Arts interviews

Erik Satie: Gonzales, the classical rap comic

By Paul Lester, June 13, 2008

He plays Erik Satie, hip-hop and does satire on stage between songs. No wonder he has identity issues

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You think I’m wild? You should see my mother

By Stephen Applebaum, June 6, 2008

In the swinging ’60s, Marianne Faithfull lived a life of sex, drugs and rock and roll, and almost ended up paying the ultimate price. But, as she reveals, she wasn’t the first wild child in her extraordinary Jewish family

Marianne Faithfull was raised as a Catholic, but the husky-voiced singer says she has her Jewish roots to thank for her acclaimed renditions of the songs of Bertholt Brecht and Kurt Weill. People were astounded when they first heard her perform their work, she recalls — which started her wondering why she had such an innate flair for their music.

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A musician's deep notes

By Paul Lester, June 6, 2008

Dan Kaufman has an unlikely success mixing rock music and the Holocaust

Dan Kaufman’s new album, Force Of Light, issued by American avant-garde composer John Zorn’s Tzadik label, is a pensive yet powerful response to the work of post-war poet and Romanian-Jewish Holocaust survivor Paul Celan.

The leader of the leftfield rock group Barbez, Kaufman uses to mesmerising effect extracts of Celan’s poetry, read by Scottish poet Fiona Templeton, and a variety of musical styles from experimental jazz and post-rock to Eastern European folk and classical.

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Enjoy musicals? Watch this man

By Benjamin Wolf, June 6, 2008

Alexander Bermange went abroad to get his break as a musical-theatre composer. But there are signs that he is going to be as big in the West End as he is in Frankfurt

The world of musicals — glamorous on the outside, competitive and demanding on the inside — is not always an easy place to be. To succeed there, you need passion, drive, luck and at least a modicum of talent. Alexander Bermange appears to have all these qualities. Born in 1976, he wrote his first musical, Nessie, in 1994, at the age of 17.

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The kosher cowboy

By Paul Lester, May 30, 2008

Kinky Friedman is a singing, writing, cigar-smoking Texan. Which doesn’t make him any less Jewish

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I'm happy to be mummy's boy

By Simon Round, May 30, 2008

William Sutcliffe is a novelist concerned to celebrate an important relationship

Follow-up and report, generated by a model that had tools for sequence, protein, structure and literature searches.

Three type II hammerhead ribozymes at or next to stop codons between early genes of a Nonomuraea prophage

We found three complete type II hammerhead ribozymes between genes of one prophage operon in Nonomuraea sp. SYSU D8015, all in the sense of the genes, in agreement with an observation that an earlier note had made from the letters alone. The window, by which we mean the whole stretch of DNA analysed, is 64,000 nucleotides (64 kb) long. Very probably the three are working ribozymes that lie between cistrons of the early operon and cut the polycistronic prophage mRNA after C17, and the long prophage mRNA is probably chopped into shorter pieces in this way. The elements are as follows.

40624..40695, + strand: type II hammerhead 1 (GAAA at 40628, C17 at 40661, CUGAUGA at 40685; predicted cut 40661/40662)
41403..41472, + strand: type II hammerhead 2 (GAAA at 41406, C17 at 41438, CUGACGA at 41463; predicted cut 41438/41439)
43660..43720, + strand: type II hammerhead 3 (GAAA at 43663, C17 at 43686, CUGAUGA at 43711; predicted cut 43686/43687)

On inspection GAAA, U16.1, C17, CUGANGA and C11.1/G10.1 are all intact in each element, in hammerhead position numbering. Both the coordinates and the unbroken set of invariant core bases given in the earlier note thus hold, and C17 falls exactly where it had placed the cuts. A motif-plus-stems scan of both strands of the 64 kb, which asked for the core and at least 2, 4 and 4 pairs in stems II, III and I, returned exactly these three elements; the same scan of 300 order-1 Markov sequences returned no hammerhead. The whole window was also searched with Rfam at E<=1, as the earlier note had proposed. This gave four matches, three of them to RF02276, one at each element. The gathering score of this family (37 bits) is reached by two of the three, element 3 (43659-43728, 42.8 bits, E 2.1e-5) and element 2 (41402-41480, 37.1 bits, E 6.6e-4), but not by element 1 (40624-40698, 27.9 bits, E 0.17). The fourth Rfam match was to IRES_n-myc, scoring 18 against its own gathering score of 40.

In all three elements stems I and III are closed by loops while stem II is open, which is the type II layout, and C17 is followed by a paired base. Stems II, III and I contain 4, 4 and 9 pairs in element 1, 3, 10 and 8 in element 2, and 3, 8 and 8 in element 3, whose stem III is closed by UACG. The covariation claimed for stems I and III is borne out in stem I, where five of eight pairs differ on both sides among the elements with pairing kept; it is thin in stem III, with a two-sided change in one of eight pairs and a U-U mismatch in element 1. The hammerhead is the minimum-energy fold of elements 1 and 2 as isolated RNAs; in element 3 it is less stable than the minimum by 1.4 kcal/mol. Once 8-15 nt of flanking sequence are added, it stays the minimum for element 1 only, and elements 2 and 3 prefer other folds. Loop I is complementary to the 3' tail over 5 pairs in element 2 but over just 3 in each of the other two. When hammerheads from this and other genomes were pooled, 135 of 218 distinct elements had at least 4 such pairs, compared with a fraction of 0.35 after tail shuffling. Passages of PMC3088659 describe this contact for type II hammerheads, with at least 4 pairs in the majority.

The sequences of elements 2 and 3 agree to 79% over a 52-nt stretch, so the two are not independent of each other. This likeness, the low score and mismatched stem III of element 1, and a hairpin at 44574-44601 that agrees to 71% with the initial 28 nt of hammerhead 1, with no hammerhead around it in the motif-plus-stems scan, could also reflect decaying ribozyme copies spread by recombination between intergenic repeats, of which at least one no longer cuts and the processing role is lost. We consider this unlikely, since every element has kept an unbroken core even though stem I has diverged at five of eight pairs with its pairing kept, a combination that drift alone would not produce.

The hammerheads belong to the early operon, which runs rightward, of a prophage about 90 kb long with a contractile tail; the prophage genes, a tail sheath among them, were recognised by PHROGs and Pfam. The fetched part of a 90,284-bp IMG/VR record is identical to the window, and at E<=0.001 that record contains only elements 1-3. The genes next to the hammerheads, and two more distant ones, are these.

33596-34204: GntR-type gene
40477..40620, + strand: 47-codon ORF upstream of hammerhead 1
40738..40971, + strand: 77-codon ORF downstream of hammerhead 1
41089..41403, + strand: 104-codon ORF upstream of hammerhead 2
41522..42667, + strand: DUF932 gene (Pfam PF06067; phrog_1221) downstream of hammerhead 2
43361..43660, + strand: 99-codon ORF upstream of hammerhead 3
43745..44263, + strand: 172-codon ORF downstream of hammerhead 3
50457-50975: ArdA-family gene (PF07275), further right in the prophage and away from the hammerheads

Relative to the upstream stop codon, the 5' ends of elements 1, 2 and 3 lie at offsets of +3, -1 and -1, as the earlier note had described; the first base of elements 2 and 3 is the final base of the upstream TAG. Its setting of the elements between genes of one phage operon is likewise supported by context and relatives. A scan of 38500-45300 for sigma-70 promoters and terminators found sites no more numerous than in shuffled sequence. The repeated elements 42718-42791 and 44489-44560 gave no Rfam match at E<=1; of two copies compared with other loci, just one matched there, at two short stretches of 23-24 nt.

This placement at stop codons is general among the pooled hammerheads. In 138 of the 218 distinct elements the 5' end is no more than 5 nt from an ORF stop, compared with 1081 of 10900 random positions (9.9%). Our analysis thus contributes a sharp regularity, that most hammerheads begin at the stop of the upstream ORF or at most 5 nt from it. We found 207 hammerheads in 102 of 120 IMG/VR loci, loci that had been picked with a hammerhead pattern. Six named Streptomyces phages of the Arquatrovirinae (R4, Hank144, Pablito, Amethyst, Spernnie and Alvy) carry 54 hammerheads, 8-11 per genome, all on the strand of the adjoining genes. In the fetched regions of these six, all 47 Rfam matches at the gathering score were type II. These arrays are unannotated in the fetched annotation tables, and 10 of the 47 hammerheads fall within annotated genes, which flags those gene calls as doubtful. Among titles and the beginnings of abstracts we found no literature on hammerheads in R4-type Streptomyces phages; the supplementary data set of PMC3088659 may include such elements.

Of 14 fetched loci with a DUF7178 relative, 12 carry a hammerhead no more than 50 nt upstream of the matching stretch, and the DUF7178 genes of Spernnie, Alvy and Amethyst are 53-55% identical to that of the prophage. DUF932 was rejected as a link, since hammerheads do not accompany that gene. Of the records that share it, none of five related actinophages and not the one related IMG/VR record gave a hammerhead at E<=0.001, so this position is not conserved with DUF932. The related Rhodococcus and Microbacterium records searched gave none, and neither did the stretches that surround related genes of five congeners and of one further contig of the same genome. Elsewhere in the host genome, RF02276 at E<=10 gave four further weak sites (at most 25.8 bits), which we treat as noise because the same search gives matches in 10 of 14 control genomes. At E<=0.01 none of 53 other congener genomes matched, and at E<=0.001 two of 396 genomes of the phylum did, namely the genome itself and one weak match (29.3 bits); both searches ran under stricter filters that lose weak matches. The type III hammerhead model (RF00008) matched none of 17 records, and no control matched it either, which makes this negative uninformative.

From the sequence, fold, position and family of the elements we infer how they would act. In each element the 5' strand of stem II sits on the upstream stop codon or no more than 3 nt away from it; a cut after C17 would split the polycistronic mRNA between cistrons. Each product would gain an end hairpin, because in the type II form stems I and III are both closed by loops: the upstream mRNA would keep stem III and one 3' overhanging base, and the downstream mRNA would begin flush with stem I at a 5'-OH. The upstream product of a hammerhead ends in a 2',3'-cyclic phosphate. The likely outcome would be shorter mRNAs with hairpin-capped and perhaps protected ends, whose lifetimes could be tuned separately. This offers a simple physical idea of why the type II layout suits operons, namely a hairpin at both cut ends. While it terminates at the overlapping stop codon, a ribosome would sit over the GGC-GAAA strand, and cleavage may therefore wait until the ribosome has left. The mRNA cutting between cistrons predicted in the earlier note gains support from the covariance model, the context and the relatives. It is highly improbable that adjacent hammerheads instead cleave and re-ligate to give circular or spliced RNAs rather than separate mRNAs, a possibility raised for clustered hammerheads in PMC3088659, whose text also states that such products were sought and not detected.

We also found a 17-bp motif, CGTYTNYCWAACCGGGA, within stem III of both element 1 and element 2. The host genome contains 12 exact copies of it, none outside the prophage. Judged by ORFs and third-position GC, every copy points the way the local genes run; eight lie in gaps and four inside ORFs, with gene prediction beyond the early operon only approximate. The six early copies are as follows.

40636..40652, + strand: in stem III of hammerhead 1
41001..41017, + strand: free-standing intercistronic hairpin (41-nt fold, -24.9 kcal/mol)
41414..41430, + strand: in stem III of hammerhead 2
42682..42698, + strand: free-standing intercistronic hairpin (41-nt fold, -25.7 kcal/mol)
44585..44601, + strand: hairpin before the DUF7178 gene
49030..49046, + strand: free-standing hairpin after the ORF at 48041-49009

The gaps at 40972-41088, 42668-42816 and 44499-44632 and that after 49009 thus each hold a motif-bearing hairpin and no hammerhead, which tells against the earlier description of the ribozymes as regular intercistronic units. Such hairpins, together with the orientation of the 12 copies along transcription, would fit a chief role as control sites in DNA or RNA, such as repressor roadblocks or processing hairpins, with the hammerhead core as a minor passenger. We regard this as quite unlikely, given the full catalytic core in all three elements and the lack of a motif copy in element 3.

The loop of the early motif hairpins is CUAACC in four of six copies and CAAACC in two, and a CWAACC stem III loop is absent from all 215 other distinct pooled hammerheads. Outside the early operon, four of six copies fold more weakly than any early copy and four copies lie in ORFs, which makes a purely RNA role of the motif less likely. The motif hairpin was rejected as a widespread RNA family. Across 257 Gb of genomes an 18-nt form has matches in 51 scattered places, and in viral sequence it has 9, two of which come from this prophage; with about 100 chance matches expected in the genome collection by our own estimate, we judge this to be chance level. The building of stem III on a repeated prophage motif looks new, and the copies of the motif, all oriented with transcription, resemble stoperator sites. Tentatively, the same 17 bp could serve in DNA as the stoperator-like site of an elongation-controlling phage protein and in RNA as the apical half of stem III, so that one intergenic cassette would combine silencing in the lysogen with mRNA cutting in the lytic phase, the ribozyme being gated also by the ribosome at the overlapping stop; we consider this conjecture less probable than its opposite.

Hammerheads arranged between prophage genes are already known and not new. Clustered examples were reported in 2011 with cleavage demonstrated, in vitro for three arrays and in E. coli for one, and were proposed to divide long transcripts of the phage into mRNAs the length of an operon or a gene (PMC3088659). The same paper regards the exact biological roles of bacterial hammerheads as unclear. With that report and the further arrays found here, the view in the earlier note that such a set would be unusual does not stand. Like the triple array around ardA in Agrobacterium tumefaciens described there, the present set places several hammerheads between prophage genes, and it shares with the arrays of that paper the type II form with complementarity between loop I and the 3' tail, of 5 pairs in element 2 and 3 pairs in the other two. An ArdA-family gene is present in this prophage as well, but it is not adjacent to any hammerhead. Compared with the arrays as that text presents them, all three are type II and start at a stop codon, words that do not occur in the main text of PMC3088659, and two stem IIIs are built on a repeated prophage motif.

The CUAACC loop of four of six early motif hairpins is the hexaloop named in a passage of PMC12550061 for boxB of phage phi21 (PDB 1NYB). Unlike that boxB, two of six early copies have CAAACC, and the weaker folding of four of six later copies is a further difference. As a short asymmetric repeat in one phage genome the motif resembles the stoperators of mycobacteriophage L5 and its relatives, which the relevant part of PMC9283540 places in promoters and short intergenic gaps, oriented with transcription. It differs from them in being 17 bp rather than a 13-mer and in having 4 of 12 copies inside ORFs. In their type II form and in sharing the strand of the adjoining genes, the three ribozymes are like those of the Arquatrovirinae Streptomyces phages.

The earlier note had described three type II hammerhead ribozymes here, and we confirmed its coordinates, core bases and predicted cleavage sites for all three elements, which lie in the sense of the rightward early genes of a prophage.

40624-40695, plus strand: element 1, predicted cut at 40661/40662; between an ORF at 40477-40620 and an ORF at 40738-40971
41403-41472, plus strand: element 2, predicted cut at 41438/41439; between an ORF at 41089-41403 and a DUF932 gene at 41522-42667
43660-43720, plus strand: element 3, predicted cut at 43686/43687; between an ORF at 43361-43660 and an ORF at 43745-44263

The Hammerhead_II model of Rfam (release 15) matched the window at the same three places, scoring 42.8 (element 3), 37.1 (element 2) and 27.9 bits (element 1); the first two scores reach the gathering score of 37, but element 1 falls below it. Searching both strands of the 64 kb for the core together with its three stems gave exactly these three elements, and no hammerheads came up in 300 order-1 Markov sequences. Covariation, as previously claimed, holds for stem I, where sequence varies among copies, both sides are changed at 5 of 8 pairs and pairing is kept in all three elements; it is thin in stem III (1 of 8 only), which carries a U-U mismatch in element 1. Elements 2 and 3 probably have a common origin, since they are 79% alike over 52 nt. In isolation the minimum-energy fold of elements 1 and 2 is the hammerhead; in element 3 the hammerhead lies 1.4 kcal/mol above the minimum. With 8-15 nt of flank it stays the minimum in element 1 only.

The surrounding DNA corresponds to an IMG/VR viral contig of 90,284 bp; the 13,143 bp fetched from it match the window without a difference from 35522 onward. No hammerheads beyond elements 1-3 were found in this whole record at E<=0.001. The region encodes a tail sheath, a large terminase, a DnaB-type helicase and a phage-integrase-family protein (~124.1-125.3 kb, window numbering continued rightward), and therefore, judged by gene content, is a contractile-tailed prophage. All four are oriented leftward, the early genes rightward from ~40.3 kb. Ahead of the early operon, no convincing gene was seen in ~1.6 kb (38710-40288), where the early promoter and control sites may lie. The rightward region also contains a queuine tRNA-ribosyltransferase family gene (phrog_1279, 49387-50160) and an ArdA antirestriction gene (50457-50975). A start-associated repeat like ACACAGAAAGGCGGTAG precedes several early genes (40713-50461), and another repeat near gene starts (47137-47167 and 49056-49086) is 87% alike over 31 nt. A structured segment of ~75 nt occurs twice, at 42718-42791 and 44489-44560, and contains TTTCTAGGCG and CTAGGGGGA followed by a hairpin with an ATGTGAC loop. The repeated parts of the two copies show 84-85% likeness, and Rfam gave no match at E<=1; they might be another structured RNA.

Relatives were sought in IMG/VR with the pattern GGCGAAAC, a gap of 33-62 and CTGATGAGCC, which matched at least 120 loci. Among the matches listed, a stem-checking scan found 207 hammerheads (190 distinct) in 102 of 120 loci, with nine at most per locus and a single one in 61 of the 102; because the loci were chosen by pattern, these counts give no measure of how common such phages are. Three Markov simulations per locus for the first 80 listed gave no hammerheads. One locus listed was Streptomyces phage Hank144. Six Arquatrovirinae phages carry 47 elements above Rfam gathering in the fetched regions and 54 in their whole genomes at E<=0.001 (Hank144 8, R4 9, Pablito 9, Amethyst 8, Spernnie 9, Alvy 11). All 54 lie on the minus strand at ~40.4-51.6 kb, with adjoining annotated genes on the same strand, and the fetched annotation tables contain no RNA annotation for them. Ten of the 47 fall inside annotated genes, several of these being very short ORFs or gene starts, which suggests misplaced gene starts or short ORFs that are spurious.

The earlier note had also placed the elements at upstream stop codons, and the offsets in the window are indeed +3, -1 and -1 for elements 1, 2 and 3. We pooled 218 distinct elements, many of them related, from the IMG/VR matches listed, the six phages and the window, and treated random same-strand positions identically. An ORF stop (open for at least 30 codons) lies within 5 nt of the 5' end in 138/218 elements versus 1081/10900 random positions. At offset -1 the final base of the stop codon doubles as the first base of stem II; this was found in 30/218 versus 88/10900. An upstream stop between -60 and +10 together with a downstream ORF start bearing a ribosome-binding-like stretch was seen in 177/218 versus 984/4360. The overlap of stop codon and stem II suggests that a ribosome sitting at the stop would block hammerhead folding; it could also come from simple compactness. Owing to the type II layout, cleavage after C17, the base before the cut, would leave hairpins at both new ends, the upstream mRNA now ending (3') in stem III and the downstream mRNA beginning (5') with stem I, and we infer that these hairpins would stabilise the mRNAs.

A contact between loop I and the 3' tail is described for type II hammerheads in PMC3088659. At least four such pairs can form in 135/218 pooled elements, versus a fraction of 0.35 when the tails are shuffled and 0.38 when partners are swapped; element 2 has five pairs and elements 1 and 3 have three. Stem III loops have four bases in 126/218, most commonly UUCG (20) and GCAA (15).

William Sutcliffe is not anticipating a call from the compilers of the Man Booker Prize shortlist for his new novel, Whatever Makes You Happy (Bloomsbury £10.99). “If you are writing about young people, you are disqualified from every literary prize,” Sutcliffe claims. “You are also disqualified if you are funny, use lots of dialogue, or write about contemporary Britain — everything I tend to do.”

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Taking Shatila to Cannes

By Stephen Applebaum, May 23, 2008

Ari Folman made his animated documentary about the Israeli army’s role in a massacre of Palestinians as a way of exorcising personal demons. Now the film could win him the top prize at Cannes.

If Israel’s Ari Folman wins the Palme d’Or at the Cannes Film Festival tomorrow for his harrowing animated documentary Waltz with Bashir, it will be the perfect end to a journey that he never dreamed he would take.

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The junkie rock star who was saved by the Torah

By Paul Lester, May 23, 2008

Depression and drugs made David Berman suicidal. That’s all over.

David Berman, published poet and singer-songwriter with American band Silver Jews, has just been reading the Torah. He does this every day for several hours, in between coming up with the country-inflected rock music and wry, confessional lyrics for his group, most recently for their sixth album, Lookout Mountain, Lookout Sea.

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Painting by numbers, with a dash of Mr Bean

By Julia Weiner, May 23, 2008

Tal R paints using only seven colours — and sees the Rowan Atkinson character as a good analogy for art.

Tal R certainly set himself strict parameters when preparing work for his current London exhibition in London. Sixteen paintings are on show, all of them the same size (250 x 250cm), and all painted in the same fixed palette of seven colours. 

Tal R was born in Israel in 1967 but has lived most of his life in Denmark. “I was born during the Six-Day War in Tel Aviv,” he says.

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The baroness leading a grey-power rebellion

By Alex Kasriel, May 23, 2008

Julia Neuberger is fed up with the way society marginalises older people. It’s time they fought back, she tells Alex Kasriel

Julia Neuberger has a thing about loos. She wishes there were more public ones. Why? Because she feels that without them, old people are too scared to go out. 

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